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Impact of residential wood combustion on urban air quality
Stockholm University, Faculty of Science, Department of Applied Environmental Science (ITM).
2008 (English)Doctoral thesis, comprehensive summary (Other academic)
Abstract [en]

Wood combustion is mainly used in cold regions as a primary or supplemental space heating source in residential areas. In several industrialized countries, there is a renewed interest in residential wood combustion (RWC) as an alternative to fossil fuel and nuclear power consumption. The main objective of this thesis was to investigate the impact of RWC on the air quality in urban areas. To this end, a field campaign was conducted in Northern Sweden during wintertime to characterize atmospheric aerosol particles and polycyclic aromatic hydrocarbons (PAH) and to determine their source apportionment.

A large day-to-day and hour-to-hour variability in aerosol concentrations was observed during the intensive field campaign. On average, total carbon contributed a substantial fraction of PM10 mass concentrations (46%) and aerosol particles were mostly in the fine fraction (PM1 accounted for 76% of PM10). Evening aerosol concentrations were significantly higher on weekends than on weekdays which could be associated to the use of wood burning for recreational purposes or higher space heat demand when inhabitants spend longer time at home. It has been shown that continuous aerosol particle number size distribution measurements successfully provided source apportionment of atmospheric aerosol with high temporal resolution. The first compound-specific radiocarbon analysis (CSRA) of atmospheric PAH demonstrated its potential to provide quantitative information on the RWC contribution to individual PAH. RWC accounted for a large fraction of particle number concentrations in the size range 25-606 nm (44-57%), PM10 (36-82%), PM1 (31-83%), light-absorbing carbon (40-76%) and individual PAH (71-87%) mass concentrations.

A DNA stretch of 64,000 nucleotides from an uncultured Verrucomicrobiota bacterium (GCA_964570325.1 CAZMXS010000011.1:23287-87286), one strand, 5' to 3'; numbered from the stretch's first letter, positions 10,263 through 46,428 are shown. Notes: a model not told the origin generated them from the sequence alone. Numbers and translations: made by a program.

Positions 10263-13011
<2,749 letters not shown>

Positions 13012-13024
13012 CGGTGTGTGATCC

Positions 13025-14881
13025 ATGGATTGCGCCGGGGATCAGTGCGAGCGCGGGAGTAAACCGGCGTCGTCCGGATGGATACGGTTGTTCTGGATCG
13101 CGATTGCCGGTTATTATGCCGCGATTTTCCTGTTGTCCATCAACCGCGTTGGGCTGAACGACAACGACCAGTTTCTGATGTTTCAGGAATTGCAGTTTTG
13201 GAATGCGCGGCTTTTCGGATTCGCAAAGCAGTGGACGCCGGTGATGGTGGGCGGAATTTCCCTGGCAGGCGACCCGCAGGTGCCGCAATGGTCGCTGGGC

These studies have demonstrated that the impact of RWC on air quality in an urban location can be very important and largely exceed the contribution of vehicle emissions during winter, particularly under very stable atmospheric conditions.

Place, publisher, year, edition, pages
Stockholm: Institutionen för tillämpad miljövetenskap (ITM) , 2008. , 40 p.
Keyword [en]
residential wood combustion, air quality, aerosols, black carbon, polycyclic aromatic hydrocarbons, particulate matter, particle size distributions, source apportionment, positive matrix factorization, compound-specific radiocarbon analysis
National Category
Earth and Related Environmental Sciences
Research subject
Applied Environmental Science
Identifiers
URN: urn:nbn:se:su:diva-7682ISBN: 978-91-7155-608-0 (print)OAI: oai:DiVA.org:su-7682DiVA: diva2:198830
Public defence
2008-06-04, William-Olssonsalen, Geovetenskapens hus, Svante Arrhenius väg 8 A, Stockholm, 13:00
Opponent
Supervisors